Art and the absolute point

In his paper Cyclotomy and analytic geometry over $\mathbb{F}_1$ Yuri I. Manin sketches and compares four approaches to the definition of a geometry over $\mathbb{F}_1$, the elusive field with one element.

He writes : “Preparing a colloquium talk in Paris, I have succumbed to the temptation to associate them with some dominant trends in the history of art.”

Remember that the search for the absolute point $\pmb{spec}(\mathbb{F}_1)$ originates from the observation that $\pmb{spec}(\mathbb{Z})$, the set of all prime numbers together with $0$, is too large to serve as the terminal object in Grothendieck’s theory of commutative schemes. The last couple of years have seen a booming industry of proposals, to the extent that Javier Lopez Pena and Oliver Lorscheid decided they had to draw a map of $\mathbb{F}_1$-land.

Manin only discusses the colored proposals (TV=Toen-Vaquie, M=Deitmar, S=Soule and $\Lambda$=Borger) and compares them to these art-history trends.

Toen and Vaquie : Abstract Expressionism

In Under $\pmb{spec}(\mathbb{Z})$ Bertrand Toen and Michel Vaquie argue that geometry over $\mathbb{F}_1$ is a special case of algebraic geometry over a symmetric monoidal category, taking the simplest example namely sets and direct products. Probably because of its richness and abstract nature, Manin associates this approach to Abstract Expressionism (a.o. Karel Appel, Jackson Pollock, Mark Rothko, Willem de Kooning).

Deitmar : Minimalism

Because monoids are the ‘commutative algebras’ in sets with direct products, an equivalent proposal is that of Anton Deitmar in Schemes over $\mathbb{F}_1$ in which the basic affine building blocks are spectra of monoids, topological spaces whose points are submonoids satisfying a primeness property. Because Deitmar himself calls this approach a ‘minimalistic’ one it is only natural to associate to it Minimalism where the work is stripped down to its most fundamental features. Prominent artists associated with this movement include Donald Judd, John McLaughlin, Agnes Martin, Dan Flavin, Robert Morris, Anne Truitt, and Frank Stella.

Soule : Critical Realism

in Les varietes sur le corps a un element Christophe Soule defines varieties over $\mathbb{F}_1$ to be specific schemes $X$ over $\mathbb{Z}$ together with a form of ‘descent data’ as well as an additional $\mathbb{C}$-algebra, morally the algebra of functions on the real place. Because of this Manin associates to it Critical Realism in philosophy. There are also ‘realism’ movements in art such as American Realism (o.a. Edward Hopper and John Sloan).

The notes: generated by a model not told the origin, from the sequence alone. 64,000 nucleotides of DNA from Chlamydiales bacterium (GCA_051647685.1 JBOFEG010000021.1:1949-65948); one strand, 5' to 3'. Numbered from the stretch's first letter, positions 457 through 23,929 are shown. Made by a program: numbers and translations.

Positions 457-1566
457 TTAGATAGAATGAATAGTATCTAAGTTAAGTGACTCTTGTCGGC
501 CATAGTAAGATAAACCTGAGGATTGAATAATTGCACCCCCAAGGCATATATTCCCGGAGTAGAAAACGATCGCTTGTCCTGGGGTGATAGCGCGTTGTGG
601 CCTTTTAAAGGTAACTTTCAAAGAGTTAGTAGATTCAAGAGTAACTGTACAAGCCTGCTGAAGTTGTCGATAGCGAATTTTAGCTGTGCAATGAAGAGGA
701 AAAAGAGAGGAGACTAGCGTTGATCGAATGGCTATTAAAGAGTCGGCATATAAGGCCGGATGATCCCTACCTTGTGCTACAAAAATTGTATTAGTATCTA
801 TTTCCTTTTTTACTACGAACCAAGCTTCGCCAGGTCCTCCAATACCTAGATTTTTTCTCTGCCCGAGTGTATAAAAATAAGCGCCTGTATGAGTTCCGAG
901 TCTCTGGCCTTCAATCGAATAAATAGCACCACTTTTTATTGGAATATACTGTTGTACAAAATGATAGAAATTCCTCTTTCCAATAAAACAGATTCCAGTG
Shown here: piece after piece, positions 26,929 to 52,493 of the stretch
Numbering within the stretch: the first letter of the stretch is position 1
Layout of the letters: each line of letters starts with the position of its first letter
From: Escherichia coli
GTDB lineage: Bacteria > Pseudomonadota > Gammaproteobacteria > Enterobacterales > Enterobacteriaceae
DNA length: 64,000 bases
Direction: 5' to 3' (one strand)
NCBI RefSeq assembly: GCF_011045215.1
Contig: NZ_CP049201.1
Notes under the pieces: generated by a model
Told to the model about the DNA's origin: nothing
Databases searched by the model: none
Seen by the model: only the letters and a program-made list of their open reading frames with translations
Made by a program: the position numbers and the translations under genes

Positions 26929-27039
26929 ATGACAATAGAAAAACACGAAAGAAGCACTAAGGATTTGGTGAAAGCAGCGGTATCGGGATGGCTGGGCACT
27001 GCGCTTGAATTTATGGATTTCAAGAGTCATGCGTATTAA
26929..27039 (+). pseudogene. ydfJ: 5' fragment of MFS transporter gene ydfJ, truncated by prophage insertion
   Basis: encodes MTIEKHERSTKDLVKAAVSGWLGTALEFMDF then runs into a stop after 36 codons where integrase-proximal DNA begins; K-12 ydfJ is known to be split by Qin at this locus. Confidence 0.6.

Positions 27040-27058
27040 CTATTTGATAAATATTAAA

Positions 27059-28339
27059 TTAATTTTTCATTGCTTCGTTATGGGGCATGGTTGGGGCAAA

Borger : Futurism

James Borger’s paper Lambda-rings and the field with one element offers a totally new conception of the descent data from $\mathbb{Z}$ to $\mathbb{F}_1$, namely that of a $\lambda$-ring in the sense of Grothendieck. Because Manin expects this approach to lead to progress in the field, he connects it to Futurism, an artistic and social movement that originated in Italy in the early 20th century.

Langlands versus Connes

This is a belated response to a Math-Overflow exchange between Thomas Riepe and Chandan Singh Dalawat asking for a possible connection between Connes’ noncommutative geometry approach to the Riemann hypothesis and the Langlands program.

Here’s the punchline : a large chunk of the Connes-Marcolli book Noncommutative Geometry, Quantum Fields and Motives can be read as an exploration of the noncommutative boundary to the Langlands program (at least for $GL_1 $ and $GL_2 $ over the rationals $\mathbb{Q} $).

Recall that Langlands for $GL_1 $ over the rationals is the correspondence, given by the Artin reciprocity law, between on the one hand the abelianized absolute Galois group

$Gal(\overline{\mathbb{Q}}/\mathbb{Q})^{ab} = Gal(\mathbb{Q}(\mu_{\infty})/\mathbb{Q}) \simeq \hat{\mathbb{Z}}^* $

and on the other hand the connected components of the idele classes

$\mathbb{A}^{\ast}_{\mathbb{Q}}/\mathbb{Q}^{\ast} = \mathbb{R}^{\ast}_{+} \times \hat{\mathbb{Z}}^{\ast} $

The locally compact Abelian group of idele classes can be viewed as the nice locus of the horrible quotient space of adele classes $\mathbb{A}_{\mathbb{Q}}/\mathbb{Q}^{\ast} $. There is a well-defined map

$\mathbb{A}_{\mathbb{Q}}’/\mathbb{Q}^{\ast} \rightarrow \mathbb{R}_{+} \qquad (x_{\infty},x_2,x_3,\ldots) \mapsto | x_{\infty} | \prod | x_p |_p $

from the subset $\mathbb{A}_{\mathbb{Q}}’ $ consisting of adeles of which almost all terms belong to $\mathbb{Z}_p^{\ast} $. The inverse image of this map over $\mathbb{R}_+^{\ast} $ are precisely the idele classes $\mathbb{A}^{\ast}_{\mathbb{Q}}/\mathbb{Q}^{\ast} $. In this way one can view the adele classes as a closure, or ‘compactification’, of the idele classes.

This is somewhat reminiscent of extending the nice action of the modular group on the upper-half plane to its badly behaved action on the boundary as in the Manin-Marcolli cave post.